Microsoft is on the brink of reporting its best quarterly growth in nearly two years, with an expected 15.8% increase in revenue.
Microsoft was fast to adapt to generative AI by allying with industry leader OpenAI, something which is propelling it to the forefront of the market with a staggering $3 trillion valuation, edging Apple for the title of the most valuable company.
Today, Microsoft’s investment in OpenAI stands at a colossal $10 billion, setting a high bar for AI expectations in the coming year.
Microsoft’s involvement cemented OpenAI’s dominance in the generative AI market, supplying it with cloud resources to deploy and host its models.
This reflects an immense appetite for AI investments, something that tech firms dominated in 2023 at the expense of venture capitalists, who seemingly struggled to clinch key deals.
Morgan Stanley’s Keith Weiss highlighted the tech community’s focus on AI, noting, “Gen AI has emerged as the top priority for (chief information officers) and Microsoft is uniquely well positioned, with the majority of CIOs expecting to use a Microsoft AI product in the next 12 months.”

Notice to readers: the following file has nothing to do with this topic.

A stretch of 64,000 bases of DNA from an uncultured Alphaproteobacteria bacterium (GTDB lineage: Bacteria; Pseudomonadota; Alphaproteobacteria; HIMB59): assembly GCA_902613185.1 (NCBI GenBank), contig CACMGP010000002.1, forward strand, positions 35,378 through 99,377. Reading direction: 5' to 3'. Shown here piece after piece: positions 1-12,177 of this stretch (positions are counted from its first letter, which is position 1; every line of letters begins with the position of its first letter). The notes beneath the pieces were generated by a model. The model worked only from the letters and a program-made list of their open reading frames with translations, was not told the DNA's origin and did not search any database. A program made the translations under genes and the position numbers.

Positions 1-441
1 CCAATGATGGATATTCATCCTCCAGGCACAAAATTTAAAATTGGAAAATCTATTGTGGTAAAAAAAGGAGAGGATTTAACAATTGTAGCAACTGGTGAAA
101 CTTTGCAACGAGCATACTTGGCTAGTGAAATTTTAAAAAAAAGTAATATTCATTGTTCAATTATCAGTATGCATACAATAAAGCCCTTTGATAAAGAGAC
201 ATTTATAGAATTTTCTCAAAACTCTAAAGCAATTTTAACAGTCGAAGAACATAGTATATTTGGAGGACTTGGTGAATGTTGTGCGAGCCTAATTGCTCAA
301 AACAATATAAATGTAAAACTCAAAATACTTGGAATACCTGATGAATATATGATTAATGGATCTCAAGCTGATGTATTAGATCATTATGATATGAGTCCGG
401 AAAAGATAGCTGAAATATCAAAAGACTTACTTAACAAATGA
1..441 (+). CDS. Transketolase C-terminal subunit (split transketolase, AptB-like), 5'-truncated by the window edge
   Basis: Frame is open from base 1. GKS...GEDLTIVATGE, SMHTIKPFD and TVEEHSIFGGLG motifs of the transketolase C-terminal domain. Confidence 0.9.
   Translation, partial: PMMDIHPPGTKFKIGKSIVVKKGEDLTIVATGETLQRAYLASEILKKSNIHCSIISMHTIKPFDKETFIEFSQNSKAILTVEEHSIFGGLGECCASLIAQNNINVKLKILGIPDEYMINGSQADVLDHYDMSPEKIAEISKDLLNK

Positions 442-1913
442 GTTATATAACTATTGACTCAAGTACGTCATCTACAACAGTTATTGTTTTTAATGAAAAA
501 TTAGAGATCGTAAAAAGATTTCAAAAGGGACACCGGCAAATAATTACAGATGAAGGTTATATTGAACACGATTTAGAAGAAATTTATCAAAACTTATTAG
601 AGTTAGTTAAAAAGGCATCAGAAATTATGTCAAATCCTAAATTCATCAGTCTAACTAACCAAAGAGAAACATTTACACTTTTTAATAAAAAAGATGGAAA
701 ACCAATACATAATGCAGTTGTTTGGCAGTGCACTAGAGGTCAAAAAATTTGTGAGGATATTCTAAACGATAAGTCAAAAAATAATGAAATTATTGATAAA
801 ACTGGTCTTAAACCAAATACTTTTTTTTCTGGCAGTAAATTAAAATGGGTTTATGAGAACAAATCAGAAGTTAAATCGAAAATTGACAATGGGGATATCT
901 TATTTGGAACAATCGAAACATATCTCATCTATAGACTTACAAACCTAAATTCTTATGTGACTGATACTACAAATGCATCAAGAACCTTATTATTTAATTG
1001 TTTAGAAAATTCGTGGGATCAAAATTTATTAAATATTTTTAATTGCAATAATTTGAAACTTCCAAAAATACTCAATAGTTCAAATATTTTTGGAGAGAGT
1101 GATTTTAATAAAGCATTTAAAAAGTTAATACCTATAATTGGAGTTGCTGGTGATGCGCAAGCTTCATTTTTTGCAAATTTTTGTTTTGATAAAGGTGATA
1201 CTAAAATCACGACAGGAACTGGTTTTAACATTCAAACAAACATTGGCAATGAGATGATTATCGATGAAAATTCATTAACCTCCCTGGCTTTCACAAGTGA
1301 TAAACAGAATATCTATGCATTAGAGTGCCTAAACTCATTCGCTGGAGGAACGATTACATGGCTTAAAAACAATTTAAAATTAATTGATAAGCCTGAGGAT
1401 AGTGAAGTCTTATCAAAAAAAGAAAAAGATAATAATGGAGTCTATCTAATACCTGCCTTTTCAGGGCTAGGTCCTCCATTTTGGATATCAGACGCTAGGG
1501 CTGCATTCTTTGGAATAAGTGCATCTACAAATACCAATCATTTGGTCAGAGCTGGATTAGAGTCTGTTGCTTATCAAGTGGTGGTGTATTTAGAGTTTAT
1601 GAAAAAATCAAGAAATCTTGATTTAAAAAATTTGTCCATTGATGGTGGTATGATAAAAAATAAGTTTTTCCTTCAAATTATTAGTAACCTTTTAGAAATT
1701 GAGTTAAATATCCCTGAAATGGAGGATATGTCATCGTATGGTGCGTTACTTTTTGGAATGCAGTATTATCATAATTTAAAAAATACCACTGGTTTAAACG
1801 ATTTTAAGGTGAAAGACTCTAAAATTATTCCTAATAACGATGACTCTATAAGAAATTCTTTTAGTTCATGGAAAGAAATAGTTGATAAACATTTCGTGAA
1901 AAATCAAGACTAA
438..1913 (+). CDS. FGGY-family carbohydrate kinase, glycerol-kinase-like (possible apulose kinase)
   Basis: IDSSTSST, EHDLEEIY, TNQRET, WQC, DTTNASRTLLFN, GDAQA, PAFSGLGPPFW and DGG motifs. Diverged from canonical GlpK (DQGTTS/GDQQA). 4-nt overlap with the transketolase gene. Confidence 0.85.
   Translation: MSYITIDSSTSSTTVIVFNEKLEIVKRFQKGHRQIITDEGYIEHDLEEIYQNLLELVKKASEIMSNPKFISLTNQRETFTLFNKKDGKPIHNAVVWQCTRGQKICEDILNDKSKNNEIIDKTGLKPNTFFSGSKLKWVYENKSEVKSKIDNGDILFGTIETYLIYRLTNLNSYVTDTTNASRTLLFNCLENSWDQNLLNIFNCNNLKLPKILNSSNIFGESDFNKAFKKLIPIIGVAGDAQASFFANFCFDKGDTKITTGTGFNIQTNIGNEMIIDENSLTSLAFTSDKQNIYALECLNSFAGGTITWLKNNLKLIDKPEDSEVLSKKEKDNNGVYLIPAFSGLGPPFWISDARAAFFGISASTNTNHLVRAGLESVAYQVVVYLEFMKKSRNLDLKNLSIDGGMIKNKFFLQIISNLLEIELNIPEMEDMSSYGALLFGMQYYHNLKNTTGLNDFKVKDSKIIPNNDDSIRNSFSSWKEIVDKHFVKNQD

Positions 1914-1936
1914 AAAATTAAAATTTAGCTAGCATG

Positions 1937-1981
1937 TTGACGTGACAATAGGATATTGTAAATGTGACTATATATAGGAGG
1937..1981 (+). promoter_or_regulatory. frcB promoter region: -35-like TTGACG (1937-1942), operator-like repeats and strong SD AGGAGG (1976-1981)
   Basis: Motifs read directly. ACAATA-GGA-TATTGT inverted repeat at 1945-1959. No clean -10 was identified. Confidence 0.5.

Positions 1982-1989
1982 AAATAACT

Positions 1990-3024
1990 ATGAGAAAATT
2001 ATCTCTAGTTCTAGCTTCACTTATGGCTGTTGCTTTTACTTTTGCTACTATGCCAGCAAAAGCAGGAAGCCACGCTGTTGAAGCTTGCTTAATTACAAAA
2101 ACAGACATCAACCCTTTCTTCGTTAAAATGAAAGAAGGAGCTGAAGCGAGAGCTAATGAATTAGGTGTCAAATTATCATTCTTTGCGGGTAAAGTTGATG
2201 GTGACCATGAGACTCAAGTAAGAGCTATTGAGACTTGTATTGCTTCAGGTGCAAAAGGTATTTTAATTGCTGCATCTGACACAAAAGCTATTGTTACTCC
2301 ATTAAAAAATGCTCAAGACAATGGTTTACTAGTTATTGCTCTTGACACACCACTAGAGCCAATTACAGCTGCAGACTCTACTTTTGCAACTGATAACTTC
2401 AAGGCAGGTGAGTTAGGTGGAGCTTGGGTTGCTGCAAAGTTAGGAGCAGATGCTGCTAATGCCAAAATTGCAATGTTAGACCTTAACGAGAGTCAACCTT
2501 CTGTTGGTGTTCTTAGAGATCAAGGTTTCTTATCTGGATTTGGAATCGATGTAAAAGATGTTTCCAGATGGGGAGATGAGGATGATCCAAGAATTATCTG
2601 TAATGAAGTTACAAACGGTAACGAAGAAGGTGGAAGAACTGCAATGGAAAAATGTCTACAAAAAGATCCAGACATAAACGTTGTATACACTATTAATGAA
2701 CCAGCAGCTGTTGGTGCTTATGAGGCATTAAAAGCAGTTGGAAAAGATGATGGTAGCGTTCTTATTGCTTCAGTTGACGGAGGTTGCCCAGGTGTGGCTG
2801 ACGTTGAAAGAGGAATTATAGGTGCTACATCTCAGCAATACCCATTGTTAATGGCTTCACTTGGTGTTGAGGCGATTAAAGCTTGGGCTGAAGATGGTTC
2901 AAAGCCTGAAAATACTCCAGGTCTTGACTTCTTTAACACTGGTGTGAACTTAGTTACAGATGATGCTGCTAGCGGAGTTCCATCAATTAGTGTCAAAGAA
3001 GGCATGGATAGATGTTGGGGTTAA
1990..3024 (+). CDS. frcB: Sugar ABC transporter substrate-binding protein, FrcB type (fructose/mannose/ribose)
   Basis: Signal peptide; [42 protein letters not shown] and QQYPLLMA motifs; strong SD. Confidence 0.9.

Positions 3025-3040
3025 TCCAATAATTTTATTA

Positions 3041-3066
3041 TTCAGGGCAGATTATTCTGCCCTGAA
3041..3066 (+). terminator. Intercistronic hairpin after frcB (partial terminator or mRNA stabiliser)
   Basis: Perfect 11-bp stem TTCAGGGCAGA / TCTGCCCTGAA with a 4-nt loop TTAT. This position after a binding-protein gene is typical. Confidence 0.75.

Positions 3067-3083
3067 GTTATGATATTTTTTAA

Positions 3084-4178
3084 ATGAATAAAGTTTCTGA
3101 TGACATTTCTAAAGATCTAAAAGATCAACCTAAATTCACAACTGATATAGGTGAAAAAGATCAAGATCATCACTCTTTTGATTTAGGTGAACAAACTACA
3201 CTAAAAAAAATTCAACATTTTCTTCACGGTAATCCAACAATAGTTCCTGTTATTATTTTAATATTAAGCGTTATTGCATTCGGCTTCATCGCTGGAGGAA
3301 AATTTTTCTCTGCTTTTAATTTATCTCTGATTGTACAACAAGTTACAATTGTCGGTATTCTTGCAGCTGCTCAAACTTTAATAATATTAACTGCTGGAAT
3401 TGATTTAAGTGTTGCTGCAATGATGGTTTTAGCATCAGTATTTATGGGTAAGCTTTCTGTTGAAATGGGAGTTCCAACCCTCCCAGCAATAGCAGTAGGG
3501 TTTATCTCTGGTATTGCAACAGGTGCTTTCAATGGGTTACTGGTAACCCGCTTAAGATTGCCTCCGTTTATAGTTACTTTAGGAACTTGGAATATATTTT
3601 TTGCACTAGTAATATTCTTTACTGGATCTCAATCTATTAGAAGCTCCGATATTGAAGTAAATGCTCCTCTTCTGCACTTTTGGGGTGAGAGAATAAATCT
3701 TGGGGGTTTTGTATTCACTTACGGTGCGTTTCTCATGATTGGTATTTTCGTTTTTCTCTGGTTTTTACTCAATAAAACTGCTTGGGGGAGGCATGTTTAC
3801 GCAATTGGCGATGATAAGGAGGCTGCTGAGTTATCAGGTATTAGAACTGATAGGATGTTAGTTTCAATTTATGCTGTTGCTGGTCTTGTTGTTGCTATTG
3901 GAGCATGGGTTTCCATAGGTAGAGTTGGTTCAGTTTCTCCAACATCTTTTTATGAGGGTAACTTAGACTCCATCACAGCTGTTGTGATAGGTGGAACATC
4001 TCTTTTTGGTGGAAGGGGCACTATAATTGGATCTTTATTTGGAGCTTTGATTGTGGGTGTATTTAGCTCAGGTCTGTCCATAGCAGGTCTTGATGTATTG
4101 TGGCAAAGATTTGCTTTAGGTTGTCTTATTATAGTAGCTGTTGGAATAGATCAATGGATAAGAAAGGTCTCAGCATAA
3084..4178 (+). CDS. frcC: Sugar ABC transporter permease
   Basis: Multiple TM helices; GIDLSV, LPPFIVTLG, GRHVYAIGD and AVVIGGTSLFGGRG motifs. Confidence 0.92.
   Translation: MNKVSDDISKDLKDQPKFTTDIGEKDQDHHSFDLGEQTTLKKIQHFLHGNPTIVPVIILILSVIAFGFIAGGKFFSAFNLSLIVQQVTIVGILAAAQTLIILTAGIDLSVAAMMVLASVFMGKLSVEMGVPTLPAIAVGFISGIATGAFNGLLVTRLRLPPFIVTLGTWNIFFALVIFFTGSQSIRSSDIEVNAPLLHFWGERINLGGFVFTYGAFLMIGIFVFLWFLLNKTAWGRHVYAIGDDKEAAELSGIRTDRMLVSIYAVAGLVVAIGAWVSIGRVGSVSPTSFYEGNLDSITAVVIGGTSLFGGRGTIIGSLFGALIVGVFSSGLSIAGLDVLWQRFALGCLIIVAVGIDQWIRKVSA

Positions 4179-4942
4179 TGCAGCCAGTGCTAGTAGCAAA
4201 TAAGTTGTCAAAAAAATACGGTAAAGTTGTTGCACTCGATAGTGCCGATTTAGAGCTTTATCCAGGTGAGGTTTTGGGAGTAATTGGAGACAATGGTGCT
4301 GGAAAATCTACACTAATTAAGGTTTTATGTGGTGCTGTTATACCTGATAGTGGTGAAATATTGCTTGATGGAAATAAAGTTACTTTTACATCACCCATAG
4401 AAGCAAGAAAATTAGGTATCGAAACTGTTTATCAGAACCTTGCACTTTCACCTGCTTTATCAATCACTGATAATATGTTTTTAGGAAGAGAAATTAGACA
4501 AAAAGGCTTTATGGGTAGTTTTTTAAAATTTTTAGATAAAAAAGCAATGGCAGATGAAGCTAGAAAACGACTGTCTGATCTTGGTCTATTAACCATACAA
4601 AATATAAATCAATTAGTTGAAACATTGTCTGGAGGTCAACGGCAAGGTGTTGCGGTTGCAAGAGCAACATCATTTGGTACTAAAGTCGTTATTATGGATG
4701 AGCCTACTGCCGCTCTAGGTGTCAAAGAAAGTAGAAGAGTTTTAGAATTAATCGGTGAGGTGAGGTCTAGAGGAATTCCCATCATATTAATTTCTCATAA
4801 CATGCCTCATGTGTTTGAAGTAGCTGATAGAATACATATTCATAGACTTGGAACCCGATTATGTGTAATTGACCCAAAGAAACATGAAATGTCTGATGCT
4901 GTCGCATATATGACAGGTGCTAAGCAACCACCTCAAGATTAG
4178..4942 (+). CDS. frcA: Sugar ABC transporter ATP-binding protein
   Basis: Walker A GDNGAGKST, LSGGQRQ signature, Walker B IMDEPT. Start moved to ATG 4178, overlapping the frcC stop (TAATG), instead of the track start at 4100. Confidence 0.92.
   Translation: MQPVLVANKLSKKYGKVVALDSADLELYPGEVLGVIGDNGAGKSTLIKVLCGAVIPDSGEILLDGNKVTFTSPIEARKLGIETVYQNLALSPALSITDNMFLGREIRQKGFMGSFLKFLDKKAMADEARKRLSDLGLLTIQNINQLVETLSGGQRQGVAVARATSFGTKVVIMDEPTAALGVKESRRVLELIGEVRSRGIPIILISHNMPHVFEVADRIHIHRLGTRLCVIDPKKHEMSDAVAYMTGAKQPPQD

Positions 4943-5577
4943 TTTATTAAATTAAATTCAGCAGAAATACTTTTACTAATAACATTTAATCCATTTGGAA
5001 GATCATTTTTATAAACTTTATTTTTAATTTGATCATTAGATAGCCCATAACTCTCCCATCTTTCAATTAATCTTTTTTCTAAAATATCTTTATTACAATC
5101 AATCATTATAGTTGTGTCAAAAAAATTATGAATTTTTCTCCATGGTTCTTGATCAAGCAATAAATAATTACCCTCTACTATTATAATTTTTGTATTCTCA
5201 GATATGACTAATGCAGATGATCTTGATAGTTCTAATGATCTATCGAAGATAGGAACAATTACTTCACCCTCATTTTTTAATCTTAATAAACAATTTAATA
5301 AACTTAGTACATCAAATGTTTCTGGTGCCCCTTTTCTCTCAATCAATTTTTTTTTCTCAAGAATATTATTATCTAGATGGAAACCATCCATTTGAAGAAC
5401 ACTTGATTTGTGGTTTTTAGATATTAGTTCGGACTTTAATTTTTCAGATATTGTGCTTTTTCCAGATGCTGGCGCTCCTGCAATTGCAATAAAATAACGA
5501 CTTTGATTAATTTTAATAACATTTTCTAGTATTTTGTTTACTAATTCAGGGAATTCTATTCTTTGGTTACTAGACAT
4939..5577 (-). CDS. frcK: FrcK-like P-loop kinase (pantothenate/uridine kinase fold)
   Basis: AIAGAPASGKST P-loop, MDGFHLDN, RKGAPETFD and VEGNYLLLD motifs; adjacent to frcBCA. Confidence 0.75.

In addition to gains fueled by involvement with OpenAI, Microsoft has created its own innovations enabled by OpenAI’s GPT models, including the Copilot project for its Microsoft 365 suite.
Copilot will also become deeply integrated into Windows devices, with some getting a dedicated Copilot button.
Analysts are further optimistic about the growth potential in Microsoft’s cloud sector, particularly Azure, due to the anticipated increase in demand for AI services.
Jefferies analyst Brent Thill observed, “We expect AI contribution to Azure growth to increase, with our checks pointing to strong demand for Azure AI services.”
He also downplayed any significant impact from OpenAI’s situation on Azure’s performance in the near term.
Azure’s competition with other cloud services like Amazon’s AWS and Google Cloud is intensifying, but Microsoft’s investments in AI are carving out a larger market share for Azure.
The company’s own projections for Azure’s growth are ambitious, aiming for a 26% to 27% increase in the second quarter.
To support its cloud sector, Microsoft is developing the Azure Maia 100 and Microsoft Azure Cobalt 100 chips designed for AI, joining Amazon and Google, which embarked on similar initiatives last year.
Despite some challenges, including layoffs affecting about 8% of the Microsoft Gaming division, the company’s stock performance remains robust, with a 57% increase last year.
This growth contributes to the broader tech sector’s rally.